SpaceX plans to launch over 4,400 Starlink satellites to connect the world to high-speed internet service. So far, the company has launched around 1,740 satellites and continues to deploy its broadband constellation on a monthly basis. SpaceX founder Elon Musk recently shared that the Starlink network already provides internet service to over 69,420 users in 12 countries. He expects to connect half-a-million Starlink users who pre-ordered the broadband service via Starlink.com within the next 12 months.
SpaceX has permission from the U.S. Federal Communications Commission (FCC) to operate up to 1 million Starlink dish antennas nationwide. The company filed a request to increase that amount to 5 million. Starlink will not only connect users at home, work, or school, SpaceX aims to connect users aboard moving vehicles. On Friday, June 30, SpaceX submitted a new filing with the FCC requesting to test Starlink aboard road vehicles, sea-going vessels, and aircraft that will operate in Hawthorne, California, and Redmond, Washington State.
SpaceX is already testing the Starlink network aboard its company’s Gulfstream jets and Falcon 9 autonomous droneship vessels at sea, among other vehicles. Now, the company seeks to expand the license to continue testing the system in more locations. “The Commission has previously granted experimental authority to test these same user terminals at various locations within the United States, including on vehicles, vessels, and aircraft,” the company said, “To expand its assessment of the end-to-end capabilities of its satellite system, SpaceX seeks authorization to expand these operations to include special temporary authority to operate user terminals on board vehicles and vessels near Hawthorne, CA and Redmond, WA. These operations would occur on vehicles within 250 km [kilometers] of each city as well as aboard seagoing vessels in U.S. territorial waters within 250 km,” SpaceX wrote in its application to the FCC.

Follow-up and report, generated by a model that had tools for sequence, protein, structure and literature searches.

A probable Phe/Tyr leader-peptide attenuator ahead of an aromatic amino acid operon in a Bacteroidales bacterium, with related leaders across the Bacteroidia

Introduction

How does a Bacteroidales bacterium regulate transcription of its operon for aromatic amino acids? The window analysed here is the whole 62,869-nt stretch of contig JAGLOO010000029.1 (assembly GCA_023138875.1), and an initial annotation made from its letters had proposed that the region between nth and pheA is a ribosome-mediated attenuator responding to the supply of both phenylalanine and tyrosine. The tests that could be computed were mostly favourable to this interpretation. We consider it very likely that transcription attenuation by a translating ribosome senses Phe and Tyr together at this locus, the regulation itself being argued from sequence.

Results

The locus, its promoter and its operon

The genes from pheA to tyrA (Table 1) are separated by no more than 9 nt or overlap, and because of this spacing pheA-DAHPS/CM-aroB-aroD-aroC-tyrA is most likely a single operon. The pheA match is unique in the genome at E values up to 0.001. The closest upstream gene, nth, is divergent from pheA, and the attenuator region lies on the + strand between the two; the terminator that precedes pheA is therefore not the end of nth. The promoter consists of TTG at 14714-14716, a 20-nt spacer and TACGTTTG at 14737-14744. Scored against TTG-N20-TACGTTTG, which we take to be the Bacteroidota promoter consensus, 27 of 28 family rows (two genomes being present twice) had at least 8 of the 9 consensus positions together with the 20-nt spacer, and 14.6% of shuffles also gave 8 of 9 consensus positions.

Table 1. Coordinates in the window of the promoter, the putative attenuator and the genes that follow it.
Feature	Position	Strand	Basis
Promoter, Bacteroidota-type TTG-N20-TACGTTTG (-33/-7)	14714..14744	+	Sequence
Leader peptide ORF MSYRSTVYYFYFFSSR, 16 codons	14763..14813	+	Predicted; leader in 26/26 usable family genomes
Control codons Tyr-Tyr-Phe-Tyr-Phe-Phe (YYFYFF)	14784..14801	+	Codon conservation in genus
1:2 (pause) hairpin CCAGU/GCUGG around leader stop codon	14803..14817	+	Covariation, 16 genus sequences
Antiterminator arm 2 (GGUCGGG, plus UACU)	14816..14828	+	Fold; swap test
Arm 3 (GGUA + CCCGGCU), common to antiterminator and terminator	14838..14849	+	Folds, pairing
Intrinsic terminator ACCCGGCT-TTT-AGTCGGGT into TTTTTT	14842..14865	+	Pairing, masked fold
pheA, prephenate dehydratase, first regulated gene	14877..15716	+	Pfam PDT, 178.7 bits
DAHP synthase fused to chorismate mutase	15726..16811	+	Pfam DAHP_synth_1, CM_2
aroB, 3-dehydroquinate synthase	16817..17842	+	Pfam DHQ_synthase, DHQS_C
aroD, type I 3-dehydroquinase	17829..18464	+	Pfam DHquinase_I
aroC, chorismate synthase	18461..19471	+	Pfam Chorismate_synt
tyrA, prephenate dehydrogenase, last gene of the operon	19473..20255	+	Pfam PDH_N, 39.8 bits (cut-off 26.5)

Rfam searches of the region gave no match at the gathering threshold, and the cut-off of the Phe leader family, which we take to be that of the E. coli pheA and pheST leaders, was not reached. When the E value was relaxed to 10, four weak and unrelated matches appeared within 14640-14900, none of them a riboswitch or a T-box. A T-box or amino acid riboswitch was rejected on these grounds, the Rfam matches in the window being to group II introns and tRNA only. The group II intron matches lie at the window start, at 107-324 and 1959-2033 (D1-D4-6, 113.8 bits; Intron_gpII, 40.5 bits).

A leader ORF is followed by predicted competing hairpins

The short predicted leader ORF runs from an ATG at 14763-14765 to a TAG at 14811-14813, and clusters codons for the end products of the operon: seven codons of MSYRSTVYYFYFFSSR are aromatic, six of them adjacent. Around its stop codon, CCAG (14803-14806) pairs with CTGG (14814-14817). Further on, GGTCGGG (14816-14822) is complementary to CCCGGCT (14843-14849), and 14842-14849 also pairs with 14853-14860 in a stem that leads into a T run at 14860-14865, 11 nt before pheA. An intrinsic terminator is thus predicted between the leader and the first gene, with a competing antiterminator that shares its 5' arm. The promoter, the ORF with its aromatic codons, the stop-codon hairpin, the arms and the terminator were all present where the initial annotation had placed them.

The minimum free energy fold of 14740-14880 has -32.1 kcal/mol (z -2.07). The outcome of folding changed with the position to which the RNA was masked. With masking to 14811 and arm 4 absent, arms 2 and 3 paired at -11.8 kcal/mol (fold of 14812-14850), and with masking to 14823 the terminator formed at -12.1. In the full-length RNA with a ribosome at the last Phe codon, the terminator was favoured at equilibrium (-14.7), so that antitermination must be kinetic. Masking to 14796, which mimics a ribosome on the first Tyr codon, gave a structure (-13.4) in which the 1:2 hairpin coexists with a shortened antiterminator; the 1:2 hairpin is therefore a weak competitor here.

Testing the phased-array dish Starlink antenna aboard these vehicles “would enable SpaceX to obtain critical data regarding the operational performance of its user terminals” and satellite constellation “more broadly.” If approved, SpaceX plans to “operate no more than twenty user terminals under this experimental authorization at any given time.” This new application was submitted to the FCC after the company requested the Commission in a separate application to receive authorization to test Starlink aboard Starship’s debut orbital flight, read more in the previous TESMANIAN article linked below.
SpaceX Plans To Test Starlink Internet Aboard Starship's Debut Orbital Flighthttps://t.co/cZTzOyh2HS— Tesmanian.com (@Tesmanian_com) July 3, 2021
About the Author
Evelyn J. Arevalo joined Tesmanian in 2019 to cover news as a Space Journalist and SpaceX Starbase Texas Correspondent. Evelyn is specialized in rocketry and space exploration. The main topics she covers are SpaceX and NASA.